This is something that the professor at the University of Castilla-La Mancha agrees with: “If we look at massive data processing, with its large number of transactions and use of more complex algorithms which are necessary for providing a better service with fast solutions and decision making in real time, it will require greater computing capacities and shorter response times, as well as greater flexibility. ”

The advantages of edge computing for banking

One of the basic capabilities that edge computing will offer banks is the ability to decentralize their computing model and reach their customer more directly. BBVA´s head of edge security believes that “by eliminating latencies and improving computing speed, we will be able to offer customized products, improve fraud detection systems and operate in financial markets in a decentralized manner, along with cost savings.”

BBVA, which in 2019 became the first financial institution in Spain to deploy 5G technology at its headquarters, has been working on building an edge computing platform for some time. “With the Ether platform we have the basis to successfully face the new challenges that edge computing brings us. These pillars are globality, reusability, automation, resilience, and embedded security,” says Díaz.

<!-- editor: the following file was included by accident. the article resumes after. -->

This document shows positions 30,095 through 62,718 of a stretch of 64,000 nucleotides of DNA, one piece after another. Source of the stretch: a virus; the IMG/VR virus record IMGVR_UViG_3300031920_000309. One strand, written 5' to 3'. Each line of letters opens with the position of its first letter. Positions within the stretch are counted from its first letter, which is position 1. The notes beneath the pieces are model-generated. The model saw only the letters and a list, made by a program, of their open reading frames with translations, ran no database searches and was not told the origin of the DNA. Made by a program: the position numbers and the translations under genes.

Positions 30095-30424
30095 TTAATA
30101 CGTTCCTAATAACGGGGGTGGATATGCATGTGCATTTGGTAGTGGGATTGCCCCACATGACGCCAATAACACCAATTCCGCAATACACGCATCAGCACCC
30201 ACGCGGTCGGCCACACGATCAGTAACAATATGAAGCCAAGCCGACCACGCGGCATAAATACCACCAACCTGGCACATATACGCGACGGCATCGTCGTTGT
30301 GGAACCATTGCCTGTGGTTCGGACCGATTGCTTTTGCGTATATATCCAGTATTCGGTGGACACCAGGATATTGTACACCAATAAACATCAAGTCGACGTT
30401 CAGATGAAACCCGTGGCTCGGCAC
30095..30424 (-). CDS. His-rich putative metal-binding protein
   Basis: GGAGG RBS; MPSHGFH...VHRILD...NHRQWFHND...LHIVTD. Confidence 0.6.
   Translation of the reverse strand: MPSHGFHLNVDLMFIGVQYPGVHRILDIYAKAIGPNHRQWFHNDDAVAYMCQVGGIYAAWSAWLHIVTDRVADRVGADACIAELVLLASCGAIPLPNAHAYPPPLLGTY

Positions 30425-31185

According to Díaz, these last few months have shown us the need to interact with customers wherever they are. For this reason, he believes that “we must take advantage of edge computing to reach our clients in a more agile and secure way, and be able to interact with them as if we were face to face in order to offer them customized solutions and products.

Agility and security are two key factors in this new technology, which are also requirements to successfully bringing that personalization to users. “Today we have a new service architecture that combined with our global network, brings us very close to our customers. Our applications are connected to globally distributed nodes that deliver content and process part of our services in an agile and secure manner, ” explains Díaz. Looking towards the future, he adds that “in the coming months we will evolve to a computing model based on edge computing which will facilitate the creation of innovative financial products. ”